hart.kris1's picture

American Wren

Observed: 3rd April 2013 By: hart.kris1hart.kris1’s reputation in Birdshart.kris1’s reputation in Birds
2013-04-03 17.34.30
Description:

Possible Cat fatility. Is this a Wren or a Winter Wren or neither?

Identifications
Species interactions

No interactions present.

Comments

chrisbrooks's picture

ID comment

The Latin name should be Troglodytes troglodytes

hart.kris1's picture

I thought the native Wren was

I thought the native Wren was called Troglodytes troglodytes unlike its American cousin?

chrisbrooks's picture

UK

Sorry, I thought this was a UK bird.

ophrys's picture

American?

Am I missing something...was this taken in America? The location is in England...

Ian
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http://www.flickr.com/photos/52163027@N02/

Jeff Rothwell's picture

Winter wren

Hi, the UK native bird is called a Winter Wren with the taxonomic name of Troglodytes troglodytes. Most people truncate the name to Wren.

hart.kris1's picture

Yankee confusion

Sorry for any confusion, I found this bird today, assummed it was Troglodytes troglodytes. Then I noticed the rather long and curved beak unlike the native Wren. Had a quick look on the Web and apparently Troglodytes hiemalis has been found outside of N.America, notably in Europe. So what I am really asking is, is this true and is this an American invader lying dead in the back garden?

ophrys's picture

Beak

That is exactly what a Wren's beak looks like...surprisingly long, but good for getting spiders out of crevices in bark. I can't believe that Troglodytes hiemalis has been found in Europe.

Ian
_________________

My Flickr photos...

http://www.flickr.com/photos/52163027@N02/

ophrys's picture

Winter Wren

Whether taken in this country or America, it is essentially Troglodytes troglodytes. Just wondered why the title and the location don't agree?

Ian
_________________

My Flickr photos...

http://www.flickr.com/photos/52163027@N02/

Peter Pearson's picture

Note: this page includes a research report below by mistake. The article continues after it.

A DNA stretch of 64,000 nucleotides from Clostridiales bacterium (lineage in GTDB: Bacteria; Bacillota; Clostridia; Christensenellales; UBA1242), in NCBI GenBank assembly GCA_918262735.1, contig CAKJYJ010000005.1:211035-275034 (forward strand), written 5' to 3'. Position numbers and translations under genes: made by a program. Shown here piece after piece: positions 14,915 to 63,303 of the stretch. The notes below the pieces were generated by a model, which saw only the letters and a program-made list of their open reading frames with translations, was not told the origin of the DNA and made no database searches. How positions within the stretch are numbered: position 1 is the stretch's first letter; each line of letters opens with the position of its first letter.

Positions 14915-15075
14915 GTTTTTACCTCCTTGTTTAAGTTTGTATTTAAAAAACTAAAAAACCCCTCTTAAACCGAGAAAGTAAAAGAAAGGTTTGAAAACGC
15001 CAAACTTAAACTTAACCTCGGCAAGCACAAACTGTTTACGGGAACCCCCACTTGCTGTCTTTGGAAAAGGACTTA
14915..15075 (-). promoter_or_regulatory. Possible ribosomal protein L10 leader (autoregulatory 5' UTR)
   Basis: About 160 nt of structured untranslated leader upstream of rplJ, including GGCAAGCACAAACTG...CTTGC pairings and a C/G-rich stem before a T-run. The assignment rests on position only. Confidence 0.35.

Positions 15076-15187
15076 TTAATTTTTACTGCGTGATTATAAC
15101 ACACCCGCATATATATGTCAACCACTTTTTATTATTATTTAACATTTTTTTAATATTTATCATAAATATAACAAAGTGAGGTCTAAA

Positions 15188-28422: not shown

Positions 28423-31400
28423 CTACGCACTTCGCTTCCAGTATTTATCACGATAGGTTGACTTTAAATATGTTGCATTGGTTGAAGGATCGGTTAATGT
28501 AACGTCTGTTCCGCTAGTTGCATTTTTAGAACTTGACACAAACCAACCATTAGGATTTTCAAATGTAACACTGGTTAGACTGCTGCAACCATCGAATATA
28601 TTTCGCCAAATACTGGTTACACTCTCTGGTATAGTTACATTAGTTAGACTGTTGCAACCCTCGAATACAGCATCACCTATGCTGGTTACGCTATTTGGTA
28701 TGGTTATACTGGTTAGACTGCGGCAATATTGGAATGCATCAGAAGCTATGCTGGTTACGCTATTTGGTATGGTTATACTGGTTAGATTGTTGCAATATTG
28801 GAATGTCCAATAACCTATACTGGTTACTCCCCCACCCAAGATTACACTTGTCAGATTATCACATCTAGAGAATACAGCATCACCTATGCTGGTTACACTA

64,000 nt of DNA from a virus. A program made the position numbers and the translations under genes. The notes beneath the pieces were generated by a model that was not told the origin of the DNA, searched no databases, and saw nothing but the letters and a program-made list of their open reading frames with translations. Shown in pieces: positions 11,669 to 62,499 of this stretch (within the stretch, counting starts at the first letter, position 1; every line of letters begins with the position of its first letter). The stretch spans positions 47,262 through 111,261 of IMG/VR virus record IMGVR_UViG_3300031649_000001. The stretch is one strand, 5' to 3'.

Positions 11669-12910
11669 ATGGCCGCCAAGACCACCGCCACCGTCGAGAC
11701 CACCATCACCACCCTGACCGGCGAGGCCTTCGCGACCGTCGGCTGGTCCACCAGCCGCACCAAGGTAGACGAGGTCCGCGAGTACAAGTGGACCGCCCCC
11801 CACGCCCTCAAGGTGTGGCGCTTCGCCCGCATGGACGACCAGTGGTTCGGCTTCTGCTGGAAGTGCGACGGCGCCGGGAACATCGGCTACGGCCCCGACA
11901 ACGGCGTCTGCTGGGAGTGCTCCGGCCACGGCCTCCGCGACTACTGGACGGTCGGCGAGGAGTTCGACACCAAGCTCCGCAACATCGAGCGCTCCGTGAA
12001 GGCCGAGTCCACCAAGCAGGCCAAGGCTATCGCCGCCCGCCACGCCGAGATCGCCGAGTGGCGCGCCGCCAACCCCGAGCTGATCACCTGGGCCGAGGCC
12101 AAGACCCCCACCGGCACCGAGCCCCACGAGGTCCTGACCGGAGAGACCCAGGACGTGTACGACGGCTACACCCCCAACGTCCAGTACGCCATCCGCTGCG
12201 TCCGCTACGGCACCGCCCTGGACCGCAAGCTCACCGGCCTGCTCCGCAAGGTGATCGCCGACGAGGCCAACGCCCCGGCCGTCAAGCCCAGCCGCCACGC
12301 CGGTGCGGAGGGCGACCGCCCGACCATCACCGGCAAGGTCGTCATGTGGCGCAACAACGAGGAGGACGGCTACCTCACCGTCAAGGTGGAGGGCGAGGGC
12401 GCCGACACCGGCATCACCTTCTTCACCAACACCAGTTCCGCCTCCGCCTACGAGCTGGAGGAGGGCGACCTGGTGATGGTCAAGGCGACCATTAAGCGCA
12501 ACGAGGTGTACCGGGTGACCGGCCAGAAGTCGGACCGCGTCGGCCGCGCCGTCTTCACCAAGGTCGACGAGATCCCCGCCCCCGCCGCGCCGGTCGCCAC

When is a wren a wren ?

I really don't know what is going on. In the good old days birdwatching was a super hobby, now it seems to be everyone tying to get their names in the record book spotting a feather out of place or beak a mm longer or shorter adding new and often inappropriate names i.e the winter wren is not our LBJ. Lets get back to preserving what little we have left now and worrying less about minutia.

DavidHowdon's picture

But is it new

If I look back at an old guide like Witherby et al (mine is the 1952 reprint) the taxonomic unit of identification was the sub-species. Subsequently (and probably with the rise of non-lethal field birding as a hobby) most identification guides seem to have moved back up to species as the taxonomic level of choice (with a few honourable exceptions like White Wagtail).

Just fashion I expect.

Personally I like that people choose to look at a bird in detail and think carefully about what it could be and where it could be from - but I'll not be measuring the bill of every wren I see on my local patch.

Peter Pearson's picture

wren

I agree that it is right and interesting spotting 'foreign invaders',weather conditions and tracking their movement adds to the interest. But not to the detriment of our own 'natives'. Unfortunately it seems to me that attempting to rename and 'make' new species, not just birds, but most things natural, has overtaken an interest in what we have naturally all around us.(Here I go again, sounds a bit like Victor Mildrew I suppose)